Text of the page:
Now I rushed to the Library Tent which was completely filled in anticipation of Bil Lepp. I managed to find two single empty chairs on adjacent rows and soon Sheila found me and we dug into soup and sandwiches she had purchased at a church food booth.
Taking on the emcee, Michael Reno Harrell, Bil claimed they had had to remove a tree with the only saw Michael Reno had that worked, a table saw. By the time they'd finished the job the tree had regrown.
But the story was "My Worst Christmas Ever". His Dad's claim that Rudolph had licked the back of his head causing his bald spot put Bil in fear for Rudolph's life, and by extension made his fearful about his own Christmas projects. Besides that a neighbor had declared that if Jimmy Carter were elected President the whole nation was headed straight for Hell. Under that scenario he figured Canada and Mexico would let go of the US and we'd all be in the fiery pit before Christmas anyway. And on top of that his parents had promised the excited pre-school Bil a trip to see Elephant Gerald. But there turned out to be no elephant at all, just a jazz singer. (Ella Fitzgerald).
Bil noted that Christians seem to be the only religion that decorates. "I never see a 12 foot inflatable Buddha or Menorah!"
He finished up with the hilarious railroad tall tale with which he won the West Virginia Liars Contest, a title he won five times.
Sheila and I actally skipped the 4:00 pm session and napped for an hour then headed back to the Creekside Tent to hear Story Slam competition. The six stories were good I admit, though I am still nursing the wounds of having been passed over in the auditions for these six folk. (Just kidding... sort of.) We agreed with the judges that Robin Shulte deserved the win for her tale of a frightening late night experience in a rest-stop toilet.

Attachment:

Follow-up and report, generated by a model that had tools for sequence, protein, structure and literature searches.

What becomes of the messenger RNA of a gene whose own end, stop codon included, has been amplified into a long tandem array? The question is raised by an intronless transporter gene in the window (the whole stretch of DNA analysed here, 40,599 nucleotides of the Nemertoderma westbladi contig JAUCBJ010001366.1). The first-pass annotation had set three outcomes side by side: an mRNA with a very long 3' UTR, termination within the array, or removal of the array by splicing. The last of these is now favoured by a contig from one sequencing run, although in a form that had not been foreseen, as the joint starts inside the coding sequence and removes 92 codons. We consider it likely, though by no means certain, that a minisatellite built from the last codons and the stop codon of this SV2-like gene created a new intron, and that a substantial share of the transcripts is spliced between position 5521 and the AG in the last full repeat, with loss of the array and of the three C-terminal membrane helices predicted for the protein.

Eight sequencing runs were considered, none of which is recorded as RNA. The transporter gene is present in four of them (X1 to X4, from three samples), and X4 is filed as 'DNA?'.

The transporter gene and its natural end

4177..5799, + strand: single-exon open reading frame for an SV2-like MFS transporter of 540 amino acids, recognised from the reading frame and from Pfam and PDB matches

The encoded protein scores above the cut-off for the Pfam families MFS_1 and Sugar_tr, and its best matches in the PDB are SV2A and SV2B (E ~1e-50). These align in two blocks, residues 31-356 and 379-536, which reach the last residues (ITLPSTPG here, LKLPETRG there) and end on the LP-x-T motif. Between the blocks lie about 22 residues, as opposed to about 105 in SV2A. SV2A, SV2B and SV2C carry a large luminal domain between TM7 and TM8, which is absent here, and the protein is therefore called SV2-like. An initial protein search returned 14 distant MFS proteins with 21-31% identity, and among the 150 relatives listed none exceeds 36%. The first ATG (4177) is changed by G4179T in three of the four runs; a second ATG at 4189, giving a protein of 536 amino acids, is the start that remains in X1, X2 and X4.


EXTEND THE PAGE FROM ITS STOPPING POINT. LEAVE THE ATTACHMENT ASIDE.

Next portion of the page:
We went back to the B&B for the supper break and found hot delicious chocolate chip cookies and hot cider. Yum.
We chose the Library Tent again to close out the evening with a session of three tellers. It was labeled "Lighten Up".
Kevin Kling told first about the visit from his wife's cousin from --- was it the Netherlands? Anyway he was armed with a pamphlet titled "Why Americans Act That Way". At the state fair the obnoxious "Dunking Clown" soon inspired international cooperation as the three joined forces to dunk him. "That clown would get get Ghandhi to throw the ball!"
He ended up with a wonderfully moving story about "My Left Arm". Kevin has always had a misformed left arm, but a few years ago a motorcycle accident made his right arm unusable. Now the four-fingered left must do all the work. In a group with others with disabilities the group was asked if they'd take a pill that removed their disability, if such a pill existed. Kevin was the only one who said he would.
A joint effort by his disabled friends was so unified, so courageous, so beautiful that, for that moment at least, "there is no way I would have taken the pill."
Sue O'Halloren told the inspiring story of her own battle with breast cancer in a story titled, "What is Sexy?" I was so glued to this emotional story I took virtually no notes. It was wonderful. She started with the story that all of us can empathize with as she remembered her fears and insecurities of puberty as she waited to "develop". Then in young middle age finding herself having a "Bye Bye Booby Party" before her mastectomy. She went through a second painful waiting time as she waited for treatments and her own emotions and the love and help of friends to allow her to develop wholeness again.
Bil Lepp spun a complicated yarn about his friend Skeeter, his (younger) uncle, and himself surviving a corn maze, but more significantly their imaginations. And a second story involving summer camp, his fellow counselors (Suie, Kevin, & emcee Ed Stivender) and three skunks. Two more championship fibs from the champ!
One more day. I wonder what breakfast will bring? And what stories we'll hear.